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What is a Pidyon Nefesh?

Updated: Apr 14, 2023

There are few rituals in Jewish life as mysterious as Pidyon Nefesh.

Commonly translated as the “redemption of a soul”, the ritual does seem as

strange as its name. Yet, it is part of Jewish Tradition as much as any other

Mitzvah and we find many places in literature where Jews engaged in such

practice.

The ritual is very simple: someone in need of a salvation puts up 160 coins

(in whatever currency of the country he’s in) to the person conducting the Pidyon,

who’s at the very least a learned individual and knows the appropriate prayers. In

doing so, the point of the transaction is to annul the decree the person who paid

is now facing and bringing in salvation.

So, you might be wondering: what is the mechanism behind a Pidyon

Nefesh? Well, read on to find out!



Seals of Clay and Seals of Blood

One of the most difficult concepts to understand is that, at any given

moment, there are a near infinite amount of judgments happening in Heaven.

Either Hashem himself is judging it alone or with any amount of Tzadikim to

“deliberate” how events should play out. Of course, much of our prayer also has

tremendous effect in what happens Above.

Most of these judgments are soft, like forgetting one’s car keys somewhere

at home, because there’s a complex system of “compassion barriers” that

mitigate them before coming into being in our physical world. It’s noteworthy

also that Hashem judges His creations at appointed times. There’s a judgment

every hour, one every day, one every month and, of course, every year on Rosh

Hashanah, besides other special times. The commentators of the Zohar teaches

us there are 2 types of seals for every judgment: seals of clay and seals of blood.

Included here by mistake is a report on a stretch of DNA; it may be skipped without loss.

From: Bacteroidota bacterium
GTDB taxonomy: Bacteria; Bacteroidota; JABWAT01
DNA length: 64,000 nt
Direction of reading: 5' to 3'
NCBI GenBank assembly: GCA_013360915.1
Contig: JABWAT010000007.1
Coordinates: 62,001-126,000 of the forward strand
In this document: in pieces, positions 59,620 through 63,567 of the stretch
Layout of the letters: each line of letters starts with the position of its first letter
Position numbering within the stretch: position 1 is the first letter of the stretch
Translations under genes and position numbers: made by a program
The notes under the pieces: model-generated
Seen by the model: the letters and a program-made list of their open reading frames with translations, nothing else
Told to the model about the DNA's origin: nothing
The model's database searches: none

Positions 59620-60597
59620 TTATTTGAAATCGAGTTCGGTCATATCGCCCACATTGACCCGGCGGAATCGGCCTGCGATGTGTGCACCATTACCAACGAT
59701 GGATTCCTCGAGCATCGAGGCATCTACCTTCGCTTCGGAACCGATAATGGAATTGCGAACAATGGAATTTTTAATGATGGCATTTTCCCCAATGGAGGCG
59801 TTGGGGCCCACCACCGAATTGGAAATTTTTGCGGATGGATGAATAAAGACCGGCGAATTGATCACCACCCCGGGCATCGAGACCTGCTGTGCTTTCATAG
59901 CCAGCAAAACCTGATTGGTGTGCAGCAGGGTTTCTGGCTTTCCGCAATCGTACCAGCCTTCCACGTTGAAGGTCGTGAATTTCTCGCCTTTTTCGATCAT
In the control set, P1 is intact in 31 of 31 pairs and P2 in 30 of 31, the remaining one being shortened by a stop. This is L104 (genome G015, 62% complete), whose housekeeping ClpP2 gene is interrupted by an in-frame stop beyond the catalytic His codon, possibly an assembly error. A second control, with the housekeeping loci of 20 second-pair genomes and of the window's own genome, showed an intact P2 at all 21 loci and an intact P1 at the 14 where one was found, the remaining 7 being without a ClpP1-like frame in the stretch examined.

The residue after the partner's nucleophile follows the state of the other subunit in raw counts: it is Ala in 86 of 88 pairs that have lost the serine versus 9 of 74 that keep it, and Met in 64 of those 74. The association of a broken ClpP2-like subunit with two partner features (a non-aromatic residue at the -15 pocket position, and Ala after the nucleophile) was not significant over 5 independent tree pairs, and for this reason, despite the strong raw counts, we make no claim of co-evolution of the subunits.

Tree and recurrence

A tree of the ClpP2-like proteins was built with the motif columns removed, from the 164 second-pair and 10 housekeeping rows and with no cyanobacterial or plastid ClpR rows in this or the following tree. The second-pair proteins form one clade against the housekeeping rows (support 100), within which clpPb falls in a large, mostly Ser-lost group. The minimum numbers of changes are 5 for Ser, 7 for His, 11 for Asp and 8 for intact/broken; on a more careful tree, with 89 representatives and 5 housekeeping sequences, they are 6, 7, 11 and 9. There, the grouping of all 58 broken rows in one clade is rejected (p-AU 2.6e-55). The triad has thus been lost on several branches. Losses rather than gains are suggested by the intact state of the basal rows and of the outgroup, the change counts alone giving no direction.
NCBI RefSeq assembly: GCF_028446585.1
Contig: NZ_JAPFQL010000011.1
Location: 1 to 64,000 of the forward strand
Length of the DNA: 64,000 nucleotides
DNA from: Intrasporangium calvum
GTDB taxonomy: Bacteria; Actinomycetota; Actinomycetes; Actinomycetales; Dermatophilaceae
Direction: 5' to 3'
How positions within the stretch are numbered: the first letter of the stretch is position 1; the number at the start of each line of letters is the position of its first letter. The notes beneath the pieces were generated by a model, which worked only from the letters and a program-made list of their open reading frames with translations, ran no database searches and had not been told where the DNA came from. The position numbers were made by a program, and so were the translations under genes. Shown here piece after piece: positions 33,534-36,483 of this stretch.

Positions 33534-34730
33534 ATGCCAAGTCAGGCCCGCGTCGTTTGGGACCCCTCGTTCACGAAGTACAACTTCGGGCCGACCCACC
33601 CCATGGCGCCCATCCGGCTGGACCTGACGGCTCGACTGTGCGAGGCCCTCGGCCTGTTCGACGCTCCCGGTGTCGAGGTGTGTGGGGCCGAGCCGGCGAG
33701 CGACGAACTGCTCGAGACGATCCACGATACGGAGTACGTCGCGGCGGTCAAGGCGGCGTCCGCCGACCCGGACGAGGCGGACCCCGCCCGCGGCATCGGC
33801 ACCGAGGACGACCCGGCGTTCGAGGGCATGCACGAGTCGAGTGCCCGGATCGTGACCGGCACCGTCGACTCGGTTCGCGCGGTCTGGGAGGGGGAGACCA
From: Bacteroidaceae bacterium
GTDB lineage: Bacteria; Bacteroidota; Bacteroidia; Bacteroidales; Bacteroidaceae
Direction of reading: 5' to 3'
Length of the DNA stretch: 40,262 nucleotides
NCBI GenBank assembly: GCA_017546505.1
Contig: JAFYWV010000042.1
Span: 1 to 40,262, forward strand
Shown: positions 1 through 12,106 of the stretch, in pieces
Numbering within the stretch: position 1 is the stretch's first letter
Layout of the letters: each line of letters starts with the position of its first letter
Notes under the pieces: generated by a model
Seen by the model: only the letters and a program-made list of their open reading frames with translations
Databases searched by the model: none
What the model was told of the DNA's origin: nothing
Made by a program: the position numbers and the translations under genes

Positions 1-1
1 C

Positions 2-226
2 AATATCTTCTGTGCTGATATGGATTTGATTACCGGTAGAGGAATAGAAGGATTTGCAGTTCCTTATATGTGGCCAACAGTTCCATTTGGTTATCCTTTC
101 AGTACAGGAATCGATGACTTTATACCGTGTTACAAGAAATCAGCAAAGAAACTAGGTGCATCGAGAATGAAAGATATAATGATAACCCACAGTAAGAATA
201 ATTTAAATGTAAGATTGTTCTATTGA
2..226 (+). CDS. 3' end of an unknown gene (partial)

The difference between them is very simple: If the judgment is sealed in

clay, it can be reverted. However, if it’s sealed in blood then nothing can change

it. This is why, the Zohar teaches us, the judgment of Purim was able to be

transformed; for it was sealed in clay. Rebbe Nachman teaches us in Likutey

Moharan that one who is tremendously happy for a Mitzvah can indeed see these

judgments in order to take action.


The Kabbalah behind Pidyon Nefesh

Actually, there’s a Mitzvah from the Torah that exemplifies the concept of

Pidyon Nefesh very well. And that’s the optional Mitzvah to donate one’s amount

or “erech” (the stipulated monies) to the Temple treasury. In a way this is a

means of “redeeming” oneself from decrees as the money goes for a very holy

endeavor.

In Hebrew, the word for “blood” (which comes from the Sephirah of

Gevurah) is Dam (דם). Not surprisingly, one of the words for money is the plural

Damim (דמים) and the connection is clear: one pays money in order not to pay in

blood. This type of exchange is also seen in the Mitzvah of Tzedaka, except that

with Pidyon Nefesh, the money is ideally given to a Tzadik, or at least a righteous

Torah Scholar. The power of the Tzadik is much greater than average people and,

without a doubt, the effect of Pidyon Nefesh is greater. The amount of 160 coins

is equivalent to the numerical value of the word Kessef (כסף) and this is also one

of the words used for “money”. However, it literally means silver, which


throughout Kabbalistic literature comes from the Sephirah of Chessed

(Lovinkindness). In a way, the money we are giving is then rectifying, or

“sweetening”, the harsh Gevurot (“severities”) symbolized by the harsh decree.

Currently Kabbalists generally use the Pidyon Nefesh as taught by Rabbi

Shalom Sharabi (the Rashas”h) with the mystical intentions (kavanot) that he

wrote. However, many great Tzadikim also use the simplified version written by

Rebbe Nachman of Breslov. One of the main aspects of the Pidyon Nefesh is that

the money be given to an outstanding scholar, the greater the better, since

helping him is in a sense helping elevate the fallen “Shekhina” (which is constantly

together with said individual).

The effectiveness of Pidyon Nefesh cannot be overstated. Many

“miraculous” stories are told by people with all sorts of difficulties in any area we

can think of, who were saved after giving money to Tzadikim such as Rabbi

Mordechai Sharabi, Rabbi Kaduri, Rabbi Kook (from Tveria), the

Ben Ish Chai, the Chida and countless others.

May we merit to have all our decrees overturned to good and merit to have

the salvations we need! Have any cools stories about Pidyon Nefesh? Share them

in the comments below!


If you would like a Pidyon Nefesh performed for you or a loved one, click here.

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